It goes without saying that the impact of the COVID-19 pandemic has been absolutely devastating globally, affecting all aspects of our lives.
There can be no doubt that one of those areas is our mental wellbeing, due in large part to prolonged harboring in place, working from home, practicing social distancing, inconsistencies of when to wear a mask or mask to wear, and more. According to a June 2020 study by McKinsey & Company, this pandemic has sent the average life satisfaction rating to a 40-year low in Europe.
The economic ripple effects are just now beginning to fully unfold and make their presence known. As usual, small businesses—beauty shops, nail salons, fitness centers, dry cleaners, restaurants, and the like—have been dealt the hardest blow.
A June 2020 Business Insider article reported that the pandemic could force the permanent closure of as many as 85% of independent restaurants by the end of the year, according to the Independent Restaurant Coalition.
Obviously, the crisis duration plays a key role in the total potential impact as it has already highlighted the financial fragility of many businesses.
In the travel industry thus far in 2020, the supplier impacts are staggering in terms of lost business, lost revenues, furloughs, and layoffs.
Many businesses that were on transaction-based pricing models in the travel industry were also devastated by the rapid shutdown of travel beginning in late March. These businesses, such as travel management companies, must now revaluate not just their pricing models, but also their TMC and buyer relationship as a whole. As an example, some TMCs are looking at charging every caller a “contact fee,” while some are looking at the elimination of the transaction fee model and moving to a straight management fee. This presents a dilemma, as travel buyers have often been of a different mindset favoring the transaction fee “pay -as-you-use” model. JTB business travel said in a September 3 article that it is taking a different approach to its service offering, and wants to move to an initiative called “experience zero “which is a fixed-fee pricing model based on overall company travel volume, and the scope of services a client wants and pays for. Fair to state some of this would have been unheard of pre-COVID-19
Another paradox we must also consider is the high-cost impact of shutting down and restarting the economies across countries, states, and localities. These actions have no doubt taken their toll on businesses across the globe.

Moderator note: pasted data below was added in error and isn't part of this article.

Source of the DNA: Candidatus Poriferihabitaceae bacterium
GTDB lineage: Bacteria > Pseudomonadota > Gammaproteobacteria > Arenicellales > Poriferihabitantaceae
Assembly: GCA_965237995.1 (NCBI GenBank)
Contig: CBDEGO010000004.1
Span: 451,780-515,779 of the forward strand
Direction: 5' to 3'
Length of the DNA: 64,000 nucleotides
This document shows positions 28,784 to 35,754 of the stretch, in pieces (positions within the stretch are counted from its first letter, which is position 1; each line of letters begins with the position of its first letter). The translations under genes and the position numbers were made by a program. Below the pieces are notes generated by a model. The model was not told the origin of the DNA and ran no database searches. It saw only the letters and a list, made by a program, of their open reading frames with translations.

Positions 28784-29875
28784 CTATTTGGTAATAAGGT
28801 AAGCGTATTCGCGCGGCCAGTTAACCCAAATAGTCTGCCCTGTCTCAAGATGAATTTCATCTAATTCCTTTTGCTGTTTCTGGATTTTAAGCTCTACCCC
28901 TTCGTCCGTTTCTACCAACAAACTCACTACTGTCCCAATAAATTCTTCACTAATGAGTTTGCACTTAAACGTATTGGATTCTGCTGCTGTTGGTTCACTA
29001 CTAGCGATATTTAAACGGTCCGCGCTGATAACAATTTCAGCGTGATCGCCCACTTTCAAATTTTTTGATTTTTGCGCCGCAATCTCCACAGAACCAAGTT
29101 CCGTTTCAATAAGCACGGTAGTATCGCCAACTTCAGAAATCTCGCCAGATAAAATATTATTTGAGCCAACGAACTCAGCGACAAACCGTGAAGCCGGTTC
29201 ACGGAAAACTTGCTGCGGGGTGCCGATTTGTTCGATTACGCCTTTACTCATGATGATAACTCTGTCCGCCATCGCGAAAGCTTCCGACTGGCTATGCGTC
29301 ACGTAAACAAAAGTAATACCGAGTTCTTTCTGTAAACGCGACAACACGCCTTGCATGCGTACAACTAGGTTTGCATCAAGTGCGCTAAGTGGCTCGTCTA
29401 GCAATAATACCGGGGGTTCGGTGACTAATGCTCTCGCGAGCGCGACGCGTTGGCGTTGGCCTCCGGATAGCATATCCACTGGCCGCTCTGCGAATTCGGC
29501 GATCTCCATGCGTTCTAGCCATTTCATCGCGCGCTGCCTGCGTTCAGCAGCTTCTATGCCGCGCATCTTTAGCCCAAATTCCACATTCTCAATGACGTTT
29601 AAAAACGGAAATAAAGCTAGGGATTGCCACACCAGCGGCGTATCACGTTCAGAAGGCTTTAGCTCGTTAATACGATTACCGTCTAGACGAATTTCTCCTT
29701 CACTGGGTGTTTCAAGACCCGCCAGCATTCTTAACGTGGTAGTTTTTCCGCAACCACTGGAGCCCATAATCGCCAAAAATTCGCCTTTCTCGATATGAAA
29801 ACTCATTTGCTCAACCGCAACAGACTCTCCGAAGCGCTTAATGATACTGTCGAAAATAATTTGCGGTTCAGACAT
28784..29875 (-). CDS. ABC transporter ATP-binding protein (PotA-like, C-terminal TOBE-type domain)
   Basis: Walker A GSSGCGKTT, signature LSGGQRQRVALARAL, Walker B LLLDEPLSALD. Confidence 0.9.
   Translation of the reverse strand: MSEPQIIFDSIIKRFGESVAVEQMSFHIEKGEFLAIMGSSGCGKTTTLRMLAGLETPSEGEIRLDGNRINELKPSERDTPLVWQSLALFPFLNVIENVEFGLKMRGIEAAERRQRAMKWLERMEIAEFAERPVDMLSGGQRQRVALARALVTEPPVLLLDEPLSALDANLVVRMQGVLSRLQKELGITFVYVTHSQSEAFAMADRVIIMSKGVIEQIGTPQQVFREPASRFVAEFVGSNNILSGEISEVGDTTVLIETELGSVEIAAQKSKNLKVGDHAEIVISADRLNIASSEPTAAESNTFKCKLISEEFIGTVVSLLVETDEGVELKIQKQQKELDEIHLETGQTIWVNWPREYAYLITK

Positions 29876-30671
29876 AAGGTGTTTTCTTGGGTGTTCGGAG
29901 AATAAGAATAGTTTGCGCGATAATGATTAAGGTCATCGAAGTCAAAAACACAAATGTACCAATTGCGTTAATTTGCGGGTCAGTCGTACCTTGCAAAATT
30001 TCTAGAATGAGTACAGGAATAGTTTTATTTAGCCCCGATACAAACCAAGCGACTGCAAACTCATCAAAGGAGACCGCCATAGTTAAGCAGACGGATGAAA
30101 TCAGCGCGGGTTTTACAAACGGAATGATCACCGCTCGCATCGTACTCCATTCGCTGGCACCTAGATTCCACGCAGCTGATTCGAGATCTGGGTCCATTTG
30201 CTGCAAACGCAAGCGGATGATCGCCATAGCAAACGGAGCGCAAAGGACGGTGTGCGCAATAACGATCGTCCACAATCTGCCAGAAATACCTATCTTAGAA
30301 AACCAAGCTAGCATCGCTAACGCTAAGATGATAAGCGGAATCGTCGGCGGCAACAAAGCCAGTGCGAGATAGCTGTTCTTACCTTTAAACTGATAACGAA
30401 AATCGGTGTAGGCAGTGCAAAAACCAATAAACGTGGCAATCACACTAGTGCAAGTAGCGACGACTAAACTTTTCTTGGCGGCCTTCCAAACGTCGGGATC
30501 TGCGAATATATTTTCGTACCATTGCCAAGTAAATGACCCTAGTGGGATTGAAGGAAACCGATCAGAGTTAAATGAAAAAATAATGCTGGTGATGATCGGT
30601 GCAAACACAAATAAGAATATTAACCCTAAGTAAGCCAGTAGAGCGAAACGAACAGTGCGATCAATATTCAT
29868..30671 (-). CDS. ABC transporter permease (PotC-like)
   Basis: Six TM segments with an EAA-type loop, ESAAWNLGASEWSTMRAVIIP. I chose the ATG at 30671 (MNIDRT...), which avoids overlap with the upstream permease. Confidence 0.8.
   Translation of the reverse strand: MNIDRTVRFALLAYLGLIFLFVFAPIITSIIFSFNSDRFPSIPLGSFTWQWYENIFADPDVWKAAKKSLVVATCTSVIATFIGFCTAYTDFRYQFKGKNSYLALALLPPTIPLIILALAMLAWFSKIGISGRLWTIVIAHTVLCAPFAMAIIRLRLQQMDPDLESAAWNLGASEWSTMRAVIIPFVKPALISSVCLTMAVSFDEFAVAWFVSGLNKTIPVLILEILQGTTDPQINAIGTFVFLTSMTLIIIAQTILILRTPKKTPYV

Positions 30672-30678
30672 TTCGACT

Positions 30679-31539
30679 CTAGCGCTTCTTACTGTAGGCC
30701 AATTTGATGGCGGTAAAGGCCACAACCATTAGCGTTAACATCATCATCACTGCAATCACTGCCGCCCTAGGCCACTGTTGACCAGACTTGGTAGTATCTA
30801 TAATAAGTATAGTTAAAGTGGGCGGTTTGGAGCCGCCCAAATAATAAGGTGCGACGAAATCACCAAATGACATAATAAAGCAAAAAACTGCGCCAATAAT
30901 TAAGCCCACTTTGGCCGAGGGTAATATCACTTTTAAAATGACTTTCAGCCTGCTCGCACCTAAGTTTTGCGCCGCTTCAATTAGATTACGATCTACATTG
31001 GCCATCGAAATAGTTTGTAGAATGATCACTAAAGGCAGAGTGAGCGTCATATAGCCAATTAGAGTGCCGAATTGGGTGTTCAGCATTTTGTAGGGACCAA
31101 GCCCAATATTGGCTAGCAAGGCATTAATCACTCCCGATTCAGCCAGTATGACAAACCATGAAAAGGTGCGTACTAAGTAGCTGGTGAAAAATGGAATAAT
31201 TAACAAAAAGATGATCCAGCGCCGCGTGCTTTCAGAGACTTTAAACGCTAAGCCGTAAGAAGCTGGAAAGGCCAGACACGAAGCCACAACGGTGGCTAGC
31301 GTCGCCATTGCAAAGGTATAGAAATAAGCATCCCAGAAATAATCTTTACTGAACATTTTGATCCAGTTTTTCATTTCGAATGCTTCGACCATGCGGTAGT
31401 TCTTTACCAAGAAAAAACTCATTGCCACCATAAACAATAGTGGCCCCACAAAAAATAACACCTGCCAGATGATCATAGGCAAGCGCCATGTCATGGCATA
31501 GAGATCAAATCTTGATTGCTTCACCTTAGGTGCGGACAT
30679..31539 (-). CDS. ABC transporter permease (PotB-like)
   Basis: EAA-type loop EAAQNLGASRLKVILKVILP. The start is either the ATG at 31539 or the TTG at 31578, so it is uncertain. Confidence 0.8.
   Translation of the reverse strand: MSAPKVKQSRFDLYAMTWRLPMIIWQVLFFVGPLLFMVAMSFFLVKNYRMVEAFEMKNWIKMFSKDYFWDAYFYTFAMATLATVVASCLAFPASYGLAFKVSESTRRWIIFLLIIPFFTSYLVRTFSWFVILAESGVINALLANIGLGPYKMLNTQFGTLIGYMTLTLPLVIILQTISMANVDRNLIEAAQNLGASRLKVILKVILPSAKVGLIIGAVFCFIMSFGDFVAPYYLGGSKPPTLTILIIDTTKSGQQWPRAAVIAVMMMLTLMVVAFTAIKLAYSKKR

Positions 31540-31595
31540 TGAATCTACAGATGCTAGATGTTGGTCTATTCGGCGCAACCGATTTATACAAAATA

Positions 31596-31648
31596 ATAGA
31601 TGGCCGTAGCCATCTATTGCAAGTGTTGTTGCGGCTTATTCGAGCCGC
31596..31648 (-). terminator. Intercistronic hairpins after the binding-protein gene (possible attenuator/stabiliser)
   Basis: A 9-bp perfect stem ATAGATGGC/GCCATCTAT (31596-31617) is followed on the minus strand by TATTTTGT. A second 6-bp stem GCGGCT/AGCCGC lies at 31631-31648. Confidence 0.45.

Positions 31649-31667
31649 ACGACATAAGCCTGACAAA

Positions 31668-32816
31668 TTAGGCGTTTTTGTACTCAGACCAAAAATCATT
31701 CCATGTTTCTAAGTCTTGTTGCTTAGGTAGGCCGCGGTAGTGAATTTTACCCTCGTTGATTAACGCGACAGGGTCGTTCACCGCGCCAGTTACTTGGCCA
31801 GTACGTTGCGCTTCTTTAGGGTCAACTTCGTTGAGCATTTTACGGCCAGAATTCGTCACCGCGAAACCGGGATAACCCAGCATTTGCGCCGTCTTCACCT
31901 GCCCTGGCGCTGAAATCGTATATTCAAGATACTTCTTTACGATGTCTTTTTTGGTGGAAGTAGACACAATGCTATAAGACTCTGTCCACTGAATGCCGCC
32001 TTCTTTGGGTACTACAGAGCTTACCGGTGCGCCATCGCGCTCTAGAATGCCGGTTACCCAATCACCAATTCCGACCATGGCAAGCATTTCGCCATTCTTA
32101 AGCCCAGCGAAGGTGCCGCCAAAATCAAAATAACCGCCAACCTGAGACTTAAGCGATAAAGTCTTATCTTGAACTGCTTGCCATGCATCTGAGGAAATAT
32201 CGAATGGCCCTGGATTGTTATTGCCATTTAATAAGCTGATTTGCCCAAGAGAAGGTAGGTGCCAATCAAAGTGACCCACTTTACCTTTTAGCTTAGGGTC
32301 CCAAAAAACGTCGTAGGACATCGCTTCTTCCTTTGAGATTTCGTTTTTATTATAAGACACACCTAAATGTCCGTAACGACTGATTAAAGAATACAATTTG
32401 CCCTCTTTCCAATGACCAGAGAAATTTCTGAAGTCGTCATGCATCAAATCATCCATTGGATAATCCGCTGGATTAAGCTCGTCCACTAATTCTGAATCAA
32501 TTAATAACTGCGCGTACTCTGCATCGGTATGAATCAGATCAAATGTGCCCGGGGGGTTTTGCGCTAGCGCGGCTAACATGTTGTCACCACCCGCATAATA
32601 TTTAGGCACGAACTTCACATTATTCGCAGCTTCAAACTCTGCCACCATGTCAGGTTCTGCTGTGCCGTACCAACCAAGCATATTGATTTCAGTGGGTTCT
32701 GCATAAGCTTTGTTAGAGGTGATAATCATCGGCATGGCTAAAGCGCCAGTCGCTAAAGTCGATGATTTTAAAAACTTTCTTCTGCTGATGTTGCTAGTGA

In its simplest form, one must keep in mind that an economy only functions when there are people who are able to act as producers and consumers…and no, I don’t believe we are geared to simply buy everything online. We are, after all, social by nature, and while we can and have adapted rather quickly to changes, we want to return to some sense of social normalcy.
What is the COVID-19 surcharge, and what does all of this mean for us in business in the near future?
From my perspective, it is going to mean that travel will end up costing the consumer and businesses more money. My rationale for this statement is simple:
- In all probability, there is going to be more travel supplier consolidation, which will result in less supply available in the end.
- In addition, someone will have to pay for all of this new health and safety, be it with new processes, new cleaning protocols, new detection equipment, new disinfectants, new plastic dividers, or new masks.
The reality is: Suppliers cannot be expected to cover all of these new costs and thrive, much less survive. They will have to be passed onto the end consumer.
While I do think there will be some bargain deals in the near term, these will be short-lived as it will ultimately become a sellers’ market for the near future.
What is crystal clear will be the need for expense transparency going forward. With the continued impact of COVID-19, there are health and safety expenses that typically do not have defined categories within expense systems, and as a result will be placed into ‘”other” or “miscellaneous”’ categories. Just think about the shift from air flight cost to mileage expensing for local or regional travel that may take place. Both of these areas can be fraught with opportunity for fraud, hence alignment with your expense and audit teams will be paramount.
Another cost containment consideration: Departments’ travel budgets may be drastically reduced going into 2021 as businesses strapped for cash focus on travel restraint, and the use of technology for sales and servicing remotely. Taking a phased approach for travel concentrating only on business-essential or revenue-generating travel may be a consideration.
As we return to travel in 2021, only then will we realize our need for the acceptance of new travel financial allowance realities, and the high cost of this lowly disease.